How Social Work Improves Cancer Care

How Social Work Improves Cancer Care

Cancer – a single word that many dread, but far too many hear. Defined as when abnormal cells divide uncontrollably and destroy body tissue, cancer comes in more than 100 different forms. At Woman’s, we are improving the level of care cancer patients receive through providing the best possible care and the best possible team.

Robin Maggio is an Oncology Social Worker who has been with Woman’s for nearly 25 years. In a recent Q&A, Robin shares more about what she does to improve the level of care Woman’s provides.

Q: What does your day to day look like?
A: My daily activities vary. While some days are more like others, it changes based on my priority list. More often than not, my day involves seeing patients when they need me most, whether that be in the hospital or Infusion Center, I’m where they need me to be. Somewhere in between, you can find me in meetings discussing policy and procedure or planning an upcoming event, or at my desk answering phone calls and doing follow-up contacts. It’s really something different every day!

Q: How does your role help patients?
A: I believe that when someone hears, “you have cancer,” it can shake them up. I am here to provide overall support and help them find a way to cope with their new diagnosis. I often help patients manage the impact their treatment has on their life and the lives of their family. In addition, I help them sort out how their treatment may affect their job and other responsibilities they may have.

Q: How many patients do you typically see and assist?
A: I often follow the same patients throughout their entire cancer journey. An estimate may be 25 to 30 patients a week. But like my days, the number of patients I see changes constantly. I try to ensure that I see my patients when they need me most, whether that is when they’re feeling at their worst or when they’re celebrating being discharged.

Q: Describe your position in one or two words.
A: Challenging and rewarding.

Q: What makes your job special?
A: My job is special to me because I get to know and see people during what can only be described as one of the most difficult times in their lives. Being able to be there for them and provide the care and support they need is hard to explain, but so special to me. I also think my job is special because I get to work with other professionals who truly love their patients and patients’ families and who all want to help them achieve their goals of health and well-being.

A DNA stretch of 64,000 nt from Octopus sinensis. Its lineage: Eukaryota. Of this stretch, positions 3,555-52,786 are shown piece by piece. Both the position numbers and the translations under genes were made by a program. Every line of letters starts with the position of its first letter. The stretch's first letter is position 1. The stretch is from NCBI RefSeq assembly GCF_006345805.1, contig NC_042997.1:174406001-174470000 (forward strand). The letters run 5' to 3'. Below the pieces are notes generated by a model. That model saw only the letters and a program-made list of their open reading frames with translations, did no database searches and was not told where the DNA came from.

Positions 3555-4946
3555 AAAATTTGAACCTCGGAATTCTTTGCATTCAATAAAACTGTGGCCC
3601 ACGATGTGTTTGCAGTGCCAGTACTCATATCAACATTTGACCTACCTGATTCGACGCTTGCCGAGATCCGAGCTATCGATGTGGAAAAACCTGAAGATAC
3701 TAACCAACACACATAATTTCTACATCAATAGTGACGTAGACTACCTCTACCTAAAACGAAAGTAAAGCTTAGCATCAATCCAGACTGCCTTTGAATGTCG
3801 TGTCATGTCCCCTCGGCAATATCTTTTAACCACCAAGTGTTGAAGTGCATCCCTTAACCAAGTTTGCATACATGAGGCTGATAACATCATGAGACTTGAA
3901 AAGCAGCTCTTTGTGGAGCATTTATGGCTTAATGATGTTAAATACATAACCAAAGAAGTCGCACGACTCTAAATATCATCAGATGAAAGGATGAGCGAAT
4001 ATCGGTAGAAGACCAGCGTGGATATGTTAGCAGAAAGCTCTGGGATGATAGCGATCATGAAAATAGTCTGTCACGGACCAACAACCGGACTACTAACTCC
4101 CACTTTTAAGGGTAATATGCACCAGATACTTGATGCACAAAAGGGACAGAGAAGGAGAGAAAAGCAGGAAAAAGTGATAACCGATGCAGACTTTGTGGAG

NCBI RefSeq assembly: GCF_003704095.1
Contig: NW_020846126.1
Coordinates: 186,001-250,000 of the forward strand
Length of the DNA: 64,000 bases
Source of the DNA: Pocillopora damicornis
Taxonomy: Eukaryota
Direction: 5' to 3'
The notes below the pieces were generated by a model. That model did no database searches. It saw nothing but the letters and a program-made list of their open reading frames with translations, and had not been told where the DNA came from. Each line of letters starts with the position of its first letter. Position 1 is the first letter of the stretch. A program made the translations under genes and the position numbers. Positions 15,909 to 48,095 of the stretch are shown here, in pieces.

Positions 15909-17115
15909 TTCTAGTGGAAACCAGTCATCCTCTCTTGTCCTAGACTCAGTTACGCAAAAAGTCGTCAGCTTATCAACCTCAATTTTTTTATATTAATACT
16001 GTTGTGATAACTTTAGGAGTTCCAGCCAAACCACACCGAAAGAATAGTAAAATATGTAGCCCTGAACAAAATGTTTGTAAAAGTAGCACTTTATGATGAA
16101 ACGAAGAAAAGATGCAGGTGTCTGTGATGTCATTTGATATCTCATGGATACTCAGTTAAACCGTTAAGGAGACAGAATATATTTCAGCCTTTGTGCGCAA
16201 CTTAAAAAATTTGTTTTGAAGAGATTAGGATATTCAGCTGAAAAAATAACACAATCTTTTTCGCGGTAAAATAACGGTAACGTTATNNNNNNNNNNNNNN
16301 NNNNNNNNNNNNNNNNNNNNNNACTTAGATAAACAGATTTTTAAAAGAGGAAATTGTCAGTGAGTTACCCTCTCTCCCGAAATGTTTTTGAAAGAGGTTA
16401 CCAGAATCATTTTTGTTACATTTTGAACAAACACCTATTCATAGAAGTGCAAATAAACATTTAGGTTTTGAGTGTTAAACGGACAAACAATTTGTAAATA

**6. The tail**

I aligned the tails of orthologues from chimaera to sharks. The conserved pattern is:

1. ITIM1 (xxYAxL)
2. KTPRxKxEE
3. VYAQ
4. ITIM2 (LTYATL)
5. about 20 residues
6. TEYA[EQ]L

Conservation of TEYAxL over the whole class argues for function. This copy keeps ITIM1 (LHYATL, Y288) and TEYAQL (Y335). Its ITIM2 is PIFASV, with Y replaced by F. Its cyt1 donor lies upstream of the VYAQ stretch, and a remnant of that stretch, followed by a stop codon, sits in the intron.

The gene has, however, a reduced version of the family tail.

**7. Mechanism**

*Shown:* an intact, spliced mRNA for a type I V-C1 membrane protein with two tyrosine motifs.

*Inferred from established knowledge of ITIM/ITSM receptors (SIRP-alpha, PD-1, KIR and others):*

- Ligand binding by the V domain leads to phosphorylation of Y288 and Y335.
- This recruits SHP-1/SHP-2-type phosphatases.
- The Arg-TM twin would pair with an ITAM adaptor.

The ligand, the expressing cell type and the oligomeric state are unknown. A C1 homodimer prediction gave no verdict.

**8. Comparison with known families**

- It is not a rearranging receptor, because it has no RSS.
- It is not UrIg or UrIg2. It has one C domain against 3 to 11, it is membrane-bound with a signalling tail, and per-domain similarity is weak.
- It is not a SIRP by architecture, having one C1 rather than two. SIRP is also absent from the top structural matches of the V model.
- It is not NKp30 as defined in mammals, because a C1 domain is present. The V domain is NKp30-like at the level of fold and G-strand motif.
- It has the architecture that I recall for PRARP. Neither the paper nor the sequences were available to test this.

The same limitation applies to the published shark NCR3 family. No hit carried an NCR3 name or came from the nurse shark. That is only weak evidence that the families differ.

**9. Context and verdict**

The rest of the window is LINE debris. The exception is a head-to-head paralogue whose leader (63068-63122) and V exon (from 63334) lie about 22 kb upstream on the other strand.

Q: What would be your most memorable moment of your job?
A: In my position, like I’ve said before, I’m often with patients during some of the most difficult and challenging times of their lives. There are no words to explain the feeling you get when you have a patient who has heard, “It worked! No more treatment!” But something that has been particularly touching to me is when a patient told me, “I want to thank you for changing not only my life, but also the lives of my family.” Those words are special. And that’s something that means the world to me.

Q: What do you think makes Woman’s special?
A: At Woman’s, we focus on specific types of cancer, which allows us to be “the experts” at what we do. That’s something not many other places can say and what helps separate us from the rest.

Q: What is your hope for Woman’s within 10 years?
A: In 10 years, I truly hope that we can accomplish our dream of a comprehensive cancer care facility and really set the standard for cancer care.

Q: How can we make that happen?
A: We can accomplish that goal by thinking ahead and staying ahead of the curve. Cancer treatment has changed so much over my time at Woman’s based on research and new technology, so by being open to new methods and new ways, we can continue to raise the level of care we provide.

Robin is one of the many Woman’s employees who believe in our mission “to improve the health of women and infants” and practice it daily. To support that mission and continue to improve the care that Woman’s provides, click here.